George Stubbs (1724 – 1806) is a painter not too well known outside the United Kingdom, but he is quite an institution there thanks to works like this or his famous portrait of the horse Whistlejacket, both paintings preserved as treasures in the National Gallery in London.
The Stubbs Milbanke and Melbourne families
Stubbs was born in the city of Liverpool in a family that had nothing to do with the world of art, since his father worked as a leather tanner, precisely to objects linked to horse riding and hunting. Perhaps that is where his taste for detail came from and later his passion for painting would emerge, which led him to study anatomy, with the intention of being able to dissect horses to get to know them and paint them better.
He also made the obligatory trip to Rome in the middle of the 18th century, and strangely enough, although artists traveled there to discover ancient art and then know how to turn that knowledge into history paintings, the truth is that from Stubbs he was fascinated by a sculpture in which a lion attacks a horse. In other words, he had a true passion for horses and there are many of his paintings in which they appear.
Also this aristocratic tone canvas. Although here is also reflected his idea of painting things as he saw them, without flattering or making fun of them. He wanted to paint thereality. That's his hallmark.
The work is a group portrait very popular at the moment. In fact, these types of scenes where several characters appeared chatting were very common. However, Stubbs forgets to introduce them talking to each other. Among other things because the characters posed for him separately, something logical considering that at first the Milbanke family considered Sir Peniston Lamb, the future Viscount of Melbourne, as an upstart in the upper class, and they were not very clear that he would finally married the young Elizabeth Milbanke. In fact, in the portrait, which was done once they were married, he presents us with the married couple separated. On the one hand, the woman with her father in the carriage, and on the other, her husband entering the scene on horseback. And in the center another member of the Milbanke family. A most curious composition, so much so that even the dog in the lower right corner watches with attention and expectation.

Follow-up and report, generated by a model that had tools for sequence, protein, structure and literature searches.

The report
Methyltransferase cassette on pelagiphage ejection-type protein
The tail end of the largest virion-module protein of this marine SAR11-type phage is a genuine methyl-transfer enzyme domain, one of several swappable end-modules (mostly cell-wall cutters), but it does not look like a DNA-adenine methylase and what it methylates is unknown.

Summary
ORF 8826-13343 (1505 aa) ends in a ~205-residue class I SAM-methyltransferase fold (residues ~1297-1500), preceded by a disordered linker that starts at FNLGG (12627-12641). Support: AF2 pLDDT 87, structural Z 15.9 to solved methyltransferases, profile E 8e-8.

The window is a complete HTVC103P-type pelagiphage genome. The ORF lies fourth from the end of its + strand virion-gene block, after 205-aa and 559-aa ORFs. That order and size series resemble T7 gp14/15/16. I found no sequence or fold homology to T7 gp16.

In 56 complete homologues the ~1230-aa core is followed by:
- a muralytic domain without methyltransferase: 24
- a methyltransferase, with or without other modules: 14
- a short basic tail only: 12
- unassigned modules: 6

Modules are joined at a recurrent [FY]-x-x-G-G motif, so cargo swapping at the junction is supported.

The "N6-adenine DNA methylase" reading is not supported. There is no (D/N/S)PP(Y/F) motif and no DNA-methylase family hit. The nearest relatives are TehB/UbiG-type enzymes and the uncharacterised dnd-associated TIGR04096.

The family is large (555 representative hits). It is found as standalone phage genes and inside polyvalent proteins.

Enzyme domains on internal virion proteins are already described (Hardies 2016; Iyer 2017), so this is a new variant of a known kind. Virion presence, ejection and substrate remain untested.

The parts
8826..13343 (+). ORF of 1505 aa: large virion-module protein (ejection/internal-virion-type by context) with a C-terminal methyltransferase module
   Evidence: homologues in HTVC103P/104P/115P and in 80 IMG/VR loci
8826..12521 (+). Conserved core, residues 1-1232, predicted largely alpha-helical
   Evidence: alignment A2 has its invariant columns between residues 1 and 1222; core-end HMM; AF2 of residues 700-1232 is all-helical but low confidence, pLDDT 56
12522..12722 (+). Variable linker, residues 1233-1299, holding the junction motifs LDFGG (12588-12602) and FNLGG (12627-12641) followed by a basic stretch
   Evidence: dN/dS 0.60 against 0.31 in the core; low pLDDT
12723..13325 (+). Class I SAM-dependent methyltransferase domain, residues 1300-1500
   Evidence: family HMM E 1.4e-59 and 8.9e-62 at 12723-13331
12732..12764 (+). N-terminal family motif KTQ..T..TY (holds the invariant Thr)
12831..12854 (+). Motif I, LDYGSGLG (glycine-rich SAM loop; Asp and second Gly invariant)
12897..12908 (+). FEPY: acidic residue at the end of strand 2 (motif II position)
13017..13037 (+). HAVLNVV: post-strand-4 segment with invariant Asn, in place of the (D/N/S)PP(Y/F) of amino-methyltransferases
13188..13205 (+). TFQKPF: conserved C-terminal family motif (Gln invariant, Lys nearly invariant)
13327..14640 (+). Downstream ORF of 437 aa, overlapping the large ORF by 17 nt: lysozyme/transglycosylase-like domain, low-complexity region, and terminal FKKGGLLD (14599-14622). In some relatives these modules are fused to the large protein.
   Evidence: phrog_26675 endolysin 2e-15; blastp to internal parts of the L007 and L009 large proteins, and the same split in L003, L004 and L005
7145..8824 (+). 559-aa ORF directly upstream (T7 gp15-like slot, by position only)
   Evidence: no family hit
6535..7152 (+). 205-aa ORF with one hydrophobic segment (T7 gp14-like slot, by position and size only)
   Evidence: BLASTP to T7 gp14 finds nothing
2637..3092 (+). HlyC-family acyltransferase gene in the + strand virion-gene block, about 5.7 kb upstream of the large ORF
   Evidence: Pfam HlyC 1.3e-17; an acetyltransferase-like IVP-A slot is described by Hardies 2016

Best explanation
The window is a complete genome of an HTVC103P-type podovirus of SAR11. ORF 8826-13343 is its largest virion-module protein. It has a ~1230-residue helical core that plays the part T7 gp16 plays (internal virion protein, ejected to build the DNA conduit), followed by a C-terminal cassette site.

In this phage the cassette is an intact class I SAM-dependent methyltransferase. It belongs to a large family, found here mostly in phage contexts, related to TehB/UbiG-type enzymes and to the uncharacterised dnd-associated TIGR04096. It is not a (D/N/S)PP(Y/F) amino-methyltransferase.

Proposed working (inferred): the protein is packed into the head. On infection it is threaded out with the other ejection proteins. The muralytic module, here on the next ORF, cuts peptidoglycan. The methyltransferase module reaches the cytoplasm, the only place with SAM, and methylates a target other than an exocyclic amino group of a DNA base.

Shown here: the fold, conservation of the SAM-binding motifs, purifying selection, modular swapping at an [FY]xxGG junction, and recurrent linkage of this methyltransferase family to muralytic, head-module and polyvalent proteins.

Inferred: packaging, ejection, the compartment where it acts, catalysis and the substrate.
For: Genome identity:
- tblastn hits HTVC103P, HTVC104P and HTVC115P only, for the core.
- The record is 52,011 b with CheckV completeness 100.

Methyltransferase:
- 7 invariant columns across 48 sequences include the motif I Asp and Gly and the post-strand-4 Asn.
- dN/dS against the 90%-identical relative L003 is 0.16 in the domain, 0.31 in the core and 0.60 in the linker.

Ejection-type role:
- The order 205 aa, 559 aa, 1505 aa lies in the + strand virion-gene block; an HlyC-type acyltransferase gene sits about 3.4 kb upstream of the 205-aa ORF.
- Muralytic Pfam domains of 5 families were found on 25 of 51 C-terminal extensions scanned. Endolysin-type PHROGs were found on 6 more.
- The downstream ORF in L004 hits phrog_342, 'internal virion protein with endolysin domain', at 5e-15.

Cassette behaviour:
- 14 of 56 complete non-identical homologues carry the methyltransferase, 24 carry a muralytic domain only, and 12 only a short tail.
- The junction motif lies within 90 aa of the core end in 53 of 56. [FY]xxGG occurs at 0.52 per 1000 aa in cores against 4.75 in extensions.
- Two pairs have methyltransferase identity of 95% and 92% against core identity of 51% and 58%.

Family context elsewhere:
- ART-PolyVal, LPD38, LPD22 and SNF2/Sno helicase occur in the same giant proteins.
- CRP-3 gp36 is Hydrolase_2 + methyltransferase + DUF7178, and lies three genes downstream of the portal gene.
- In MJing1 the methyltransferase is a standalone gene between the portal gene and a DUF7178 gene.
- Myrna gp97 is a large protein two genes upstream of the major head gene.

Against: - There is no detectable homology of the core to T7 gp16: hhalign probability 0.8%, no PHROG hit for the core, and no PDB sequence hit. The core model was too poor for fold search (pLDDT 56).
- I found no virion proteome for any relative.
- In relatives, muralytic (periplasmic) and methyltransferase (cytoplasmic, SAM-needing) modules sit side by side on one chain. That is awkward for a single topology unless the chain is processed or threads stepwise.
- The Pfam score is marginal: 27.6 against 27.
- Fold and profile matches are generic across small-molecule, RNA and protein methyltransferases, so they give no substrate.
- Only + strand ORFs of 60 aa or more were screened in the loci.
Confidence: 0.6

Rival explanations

With all these characters the artist has created a continuous frieze, with exquisite care when painting each and every one of the details, from the faces that are true physical and psychological portraits to the clothing or trappings of the mounts. And as a background he has invented a natural landscape that gives him the timely and fashionable atmosphere at the time.